The Regina A. Quick Center for the Arts at St. Bonaventure University will host a gallery talk Saturday, June 6, by photojournalist Brendan Bannon, who will discuss his new exhibition “Do You See What I See?”
The program begins at 2:30 p.m. and is free and open to the public.
The photographs in the exhibition were taken by Syrian teens who are refugees because of the civil war in their country. The resulting exhibition is a collection of compelling photographs that are both heart-wrenching and strangely uplifting: They capture the spirit of the person behind the camera, not asking for sympathy but making the viewer aware of their circumstances.
“Do You See What I See?” shows the work of eight young people who are telling the stories of their everyday lives, sharing moments of reprieve through creativity from the challenges of exile.
Bannon, of Buffalo, worked with the United Nations High Commission on Refugees to spend six weeks in the refugee camps of Zaatari in Jordan and the Bekaa Valley in Lebanon, teaching photography to teenage refugees.
The idea was straightforward: Create an incredible experience for a group of kids with cameras and photography. The results are amazing.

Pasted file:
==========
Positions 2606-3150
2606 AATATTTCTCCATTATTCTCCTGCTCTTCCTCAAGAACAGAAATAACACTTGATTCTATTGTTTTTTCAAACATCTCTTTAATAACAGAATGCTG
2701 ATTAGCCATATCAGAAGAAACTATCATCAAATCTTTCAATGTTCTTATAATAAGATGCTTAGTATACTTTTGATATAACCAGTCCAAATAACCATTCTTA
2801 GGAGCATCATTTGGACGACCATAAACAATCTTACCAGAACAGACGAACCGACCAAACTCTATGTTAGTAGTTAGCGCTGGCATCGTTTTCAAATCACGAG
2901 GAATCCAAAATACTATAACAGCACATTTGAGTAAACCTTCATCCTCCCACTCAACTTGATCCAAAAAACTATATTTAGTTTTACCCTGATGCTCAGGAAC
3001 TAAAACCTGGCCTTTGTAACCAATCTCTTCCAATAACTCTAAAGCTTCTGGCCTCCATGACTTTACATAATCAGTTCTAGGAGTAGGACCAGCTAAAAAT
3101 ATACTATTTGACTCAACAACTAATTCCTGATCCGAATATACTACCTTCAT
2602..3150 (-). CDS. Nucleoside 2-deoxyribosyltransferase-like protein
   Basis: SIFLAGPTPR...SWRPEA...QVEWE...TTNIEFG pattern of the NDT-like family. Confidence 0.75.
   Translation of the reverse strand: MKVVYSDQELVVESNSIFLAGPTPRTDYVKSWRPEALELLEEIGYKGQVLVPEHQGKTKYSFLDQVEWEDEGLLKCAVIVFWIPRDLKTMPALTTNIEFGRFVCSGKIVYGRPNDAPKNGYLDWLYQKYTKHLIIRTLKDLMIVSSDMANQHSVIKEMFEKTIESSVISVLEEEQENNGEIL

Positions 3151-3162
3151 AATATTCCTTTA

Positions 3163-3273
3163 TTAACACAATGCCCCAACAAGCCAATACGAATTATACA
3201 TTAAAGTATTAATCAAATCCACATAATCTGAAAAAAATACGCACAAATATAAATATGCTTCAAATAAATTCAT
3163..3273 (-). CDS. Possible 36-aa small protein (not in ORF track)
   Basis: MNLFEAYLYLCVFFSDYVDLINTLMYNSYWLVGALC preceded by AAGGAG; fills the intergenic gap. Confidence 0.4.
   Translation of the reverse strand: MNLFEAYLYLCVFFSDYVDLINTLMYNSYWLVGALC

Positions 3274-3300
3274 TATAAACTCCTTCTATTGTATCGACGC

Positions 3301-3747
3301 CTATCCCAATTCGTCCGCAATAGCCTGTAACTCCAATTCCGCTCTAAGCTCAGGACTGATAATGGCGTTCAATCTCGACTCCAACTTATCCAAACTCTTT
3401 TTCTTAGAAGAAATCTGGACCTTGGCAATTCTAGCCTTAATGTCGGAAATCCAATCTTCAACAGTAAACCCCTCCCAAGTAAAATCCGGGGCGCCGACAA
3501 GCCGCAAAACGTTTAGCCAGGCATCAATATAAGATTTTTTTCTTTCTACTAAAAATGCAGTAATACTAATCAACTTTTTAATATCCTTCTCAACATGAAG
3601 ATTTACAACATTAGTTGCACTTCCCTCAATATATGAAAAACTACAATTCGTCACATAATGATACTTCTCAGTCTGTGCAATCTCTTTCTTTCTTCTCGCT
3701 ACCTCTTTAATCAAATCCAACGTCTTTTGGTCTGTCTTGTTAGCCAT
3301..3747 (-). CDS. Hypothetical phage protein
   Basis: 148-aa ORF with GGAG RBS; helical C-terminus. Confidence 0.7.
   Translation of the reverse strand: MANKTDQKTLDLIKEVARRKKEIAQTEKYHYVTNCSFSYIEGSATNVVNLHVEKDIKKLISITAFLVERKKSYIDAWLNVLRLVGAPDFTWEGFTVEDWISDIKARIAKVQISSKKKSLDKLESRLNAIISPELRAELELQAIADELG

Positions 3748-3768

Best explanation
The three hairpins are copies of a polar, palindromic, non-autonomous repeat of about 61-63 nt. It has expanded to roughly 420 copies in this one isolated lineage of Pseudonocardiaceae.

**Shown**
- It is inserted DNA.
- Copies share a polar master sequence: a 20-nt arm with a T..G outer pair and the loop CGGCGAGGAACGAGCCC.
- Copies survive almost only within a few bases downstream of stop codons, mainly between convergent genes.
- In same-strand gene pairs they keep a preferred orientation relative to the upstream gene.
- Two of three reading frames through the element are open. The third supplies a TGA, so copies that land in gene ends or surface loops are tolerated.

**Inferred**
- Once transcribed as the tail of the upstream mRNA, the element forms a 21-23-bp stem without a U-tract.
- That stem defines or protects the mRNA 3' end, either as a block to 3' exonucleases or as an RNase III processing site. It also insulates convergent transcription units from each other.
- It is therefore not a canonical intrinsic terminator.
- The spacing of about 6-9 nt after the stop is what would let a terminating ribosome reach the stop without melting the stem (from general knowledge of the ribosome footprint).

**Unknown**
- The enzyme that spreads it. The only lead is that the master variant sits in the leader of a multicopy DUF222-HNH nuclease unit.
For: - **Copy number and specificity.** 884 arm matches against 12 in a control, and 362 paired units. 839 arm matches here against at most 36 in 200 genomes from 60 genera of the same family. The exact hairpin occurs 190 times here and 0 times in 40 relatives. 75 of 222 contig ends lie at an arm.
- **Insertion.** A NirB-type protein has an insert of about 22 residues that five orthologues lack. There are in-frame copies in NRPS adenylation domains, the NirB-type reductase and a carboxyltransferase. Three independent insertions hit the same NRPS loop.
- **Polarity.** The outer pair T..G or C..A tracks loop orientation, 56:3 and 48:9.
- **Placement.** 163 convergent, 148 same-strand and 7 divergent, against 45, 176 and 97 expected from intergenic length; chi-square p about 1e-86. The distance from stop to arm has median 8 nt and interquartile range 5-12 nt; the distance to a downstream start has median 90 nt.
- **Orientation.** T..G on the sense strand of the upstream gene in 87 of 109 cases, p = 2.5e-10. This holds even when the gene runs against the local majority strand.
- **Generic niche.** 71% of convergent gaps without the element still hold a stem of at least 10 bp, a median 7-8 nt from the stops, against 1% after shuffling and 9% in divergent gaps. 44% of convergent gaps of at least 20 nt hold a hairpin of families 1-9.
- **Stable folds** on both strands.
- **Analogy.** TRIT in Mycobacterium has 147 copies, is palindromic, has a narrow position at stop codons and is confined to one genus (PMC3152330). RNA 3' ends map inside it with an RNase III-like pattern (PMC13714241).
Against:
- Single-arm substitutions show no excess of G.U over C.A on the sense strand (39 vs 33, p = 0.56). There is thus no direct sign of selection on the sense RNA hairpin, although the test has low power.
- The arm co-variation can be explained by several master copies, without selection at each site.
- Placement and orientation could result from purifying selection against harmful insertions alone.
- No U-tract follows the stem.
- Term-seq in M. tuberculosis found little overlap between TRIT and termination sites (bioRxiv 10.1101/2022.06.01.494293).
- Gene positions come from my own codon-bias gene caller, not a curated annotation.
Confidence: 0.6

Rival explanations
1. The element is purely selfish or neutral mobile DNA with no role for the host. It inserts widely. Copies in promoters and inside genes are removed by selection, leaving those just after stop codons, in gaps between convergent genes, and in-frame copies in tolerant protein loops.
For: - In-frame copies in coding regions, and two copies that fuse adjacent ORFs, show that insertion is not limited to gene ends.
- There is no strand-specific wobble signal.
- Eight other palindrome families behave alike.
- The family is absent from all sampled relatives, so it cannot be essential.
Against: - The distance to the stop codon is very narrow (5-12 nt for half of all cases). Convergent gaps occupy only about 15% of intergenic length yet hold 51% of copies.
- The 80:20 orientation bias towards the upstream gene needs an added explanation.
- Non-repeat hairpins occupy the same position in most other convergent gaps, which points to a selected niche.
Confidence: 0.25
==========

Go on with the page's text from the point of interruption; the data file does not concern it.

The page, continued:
“The work shows kids facing challenges that could easily be overwhelming and yet there is, among the trauma that they experienced, resilience, optimism and decency that is surprising to people who only expect to see tragedy,” Bannon said.
The Syrian conflict is now in its fifth year with close to 4 million Syrians who have fled to neighboring countries, particularly Jordan and Lebanon.
So often, Bannon said, refugees’ stories are told by others — journalists, filmmakers, photographers — if they are told at all. The project’s goal was to encourage these children to express themselves in pictures and writing and then to share the work, raising their voices throughout the world.
The assignments given to the children were fairly general and gave opportunities for the photographers to choose what to share of their lives. The responses in pictures and prose, however, were overwhelmingly complex.
“These children have to live through a tragedy of towering proportions every day. They only ask that we stand by and look at what they have endured. If they have the courage to live it, we should have the courage to see it,” Bannon said.
The exhibition is on view in the Paul and Toni Branch Gallery, which is located on the first floor of the Quick Center for the Arts. The gallery talk is part of St. Bonaventure’s Alumni Reunion Weekend activities.
(St. Bonaventure journalism and mass communication student Liam Bunny contributed to this article.)
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